Frozen in time

Image very generously donated by Peter Booth. Click for a larger version.

I’m pleased and delighted to have been contacted once more by top local photographer and friend of the blog Peter Booth, who this time has sent me some images of Chasewater – some taken from the ‘lighthouse’ structure on the old pier in what I believe to be one of the harsh winters of the early 1980s.

This gives the images an ethereal ‘drone’ effect that I’ve not seen in other images of the period.

Peter Booth is a remarkable photographer with a genuine talent and has previously supplied black and white galleries of Brownhills, and also one in full colour. A few months ago, Peter also sent in a stunning set of a late 1970s Brownhills carnival, and he Urbexed the derelict Chasewater stadium before it was demolished.

It’s worth remembering that Peter here was working with conventional film, not digital.

Peter said:

Hello Bob

I Saw the bits and pieces you’ve been putting on the blog and social media recently about Chasewater and came across these old black and white pics I took many years ago of Chasewater in the winter.

I think these were taken late 70s or early 80s… It looks like it was a pretty severe winter with the lake frozen over.

Happy new year
Regards Peter Booth.

Well, happy new year to you Peter and what a wonderful set of images! There is one, however that is puzzling me – the one below:

Image very generously donated by Peter Booth. Click for a larger version.

I’m trying and failing to work out where this image is at Chasewater. I’m sure thatou’s Chasetown Comprehensive in the background, so is this the old Paviours Road and access to the sailing club from before the bypass came through?

If so, what’s the brick hut and does it still exist today?

Again, my thanks and gratitude to Peter, it’s a pleasure and an honour to feature material of this quality here.

If readers have anything to add, please do comment here or mail me: Brownhillsbob at Googlemail dot com. Thanks.

Image very generously donated by Peter Booth. Click for a larger version.

Image very generously donated by Peter Booth. Click for a larger version.

Image very generously donated by Peter Booth. Click for a larger version.

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4 Responses to Frozen in time

  1. Bob says:

    Hi Bob

    With reference to the picture you’re not too sure about. It is indeed Chasetown Comp (now renamed Erasmus Darwin Academy), in the background.

    The road or more pertinently track in front being the old Pool Road, now gated off at the school end and swallowed up by the bypass works & providing more land for the school.
    A stretch that was affectionately known as Puddle Passage by the Triangle Trotters running club as part of their long since defunct annual 10 mile race.

    Access to the sailing club would be by turning left at the crossroads in the picture.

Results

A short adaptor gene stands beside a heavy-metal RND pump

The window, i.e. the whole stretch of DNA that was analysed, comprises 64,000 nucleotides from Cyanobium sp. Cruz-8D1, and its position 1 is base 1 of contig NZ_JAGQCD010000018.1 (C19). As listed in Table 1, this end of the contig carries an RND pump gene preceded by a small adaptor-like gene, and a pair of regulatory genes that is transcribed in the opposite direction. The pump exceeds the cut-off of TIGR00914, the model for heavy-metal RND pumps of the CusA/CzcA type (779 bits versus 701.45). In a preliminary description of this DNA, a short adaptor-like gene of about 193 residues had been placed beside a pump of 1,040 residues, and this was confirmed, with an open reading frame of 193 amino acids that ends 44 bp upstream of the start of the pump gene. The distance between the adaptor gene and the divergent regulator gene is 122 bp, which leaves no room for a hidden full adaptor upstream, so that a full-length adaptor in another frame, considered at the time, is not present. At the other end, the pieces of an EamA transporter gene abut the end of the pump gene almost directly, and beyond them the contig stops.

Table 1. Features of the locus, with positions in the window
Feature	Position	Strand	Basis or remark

I’m not too sure if the hut is a hut, but it no longer exists as far as I’m aware.

  2. In my opinion the worst weather we ever had in my lifetime was 1946 to47. The place was frozen over for 4 months, between the old midland bridge, now gone and the Rising Sun the blocks of ice left in the middle of the road were as big as 2 wheel barrows put together. Nearly all the houses up Brown hills West, were asked to find lodging for the lorry drivers who just couldn’t move their lorries. Places of work had to close because people just couldn’t get to work.

  3. stuart cowley says:

    Afternoon all,
    Interesting set of pics and brought back memories of walking with my family one Christmas day from our house in Chasetown to my aunt’s house in Pinewood close by Watling st school. There were skaters on the 9ft and that’s about the last proper white Christmas I can remember.So that would be sometime late 60s early 70s.
    The image that you are not sure about is taken from the Chasetown end of the dam wall,all I can remember of the brick structure is that they very rarely used it for an attendant to collect a fee or control traffic heading in to the yachting club.The two posts close by it at one time held a sign across the road warning of the foot and mouth dangers. Up from those posts you see a telegraph pole,many years ago there used to be a hut there that was known as Cookie’s hut,think it was there to watch out for the coal trains crossing that bit of the rough road. Then back of that hut there was a path that was dug out of the field that led up to Jack’s wood. I was told that it was dug by the miners as a route for the parson to get to StAnnes Church. It was filled in and fenced off when they extended the school playing fields. It was also used as a bypass for Chasetown folk to avoid the pot holed road,Paviours’ row was also tricky because of crossing the brook by Bloxhams cottage by the canal. So the comp was there from about 1970 so I’m guessing early 70s for that shot. All clearly seen from above on an aerial shot that you have put on before,you can pick out the parson’s path on that one.

  4. Ade Reid says:

    What wonderful photographs bought back some fond memories.Yes the school in the background is Chasetown Comp /High School.I can recall staggering down Pool Road and across the sandhills on my way back to Chapel Avenue after a few snifters in the abundant amount of watering holes in Chasetown many times.Happy days…

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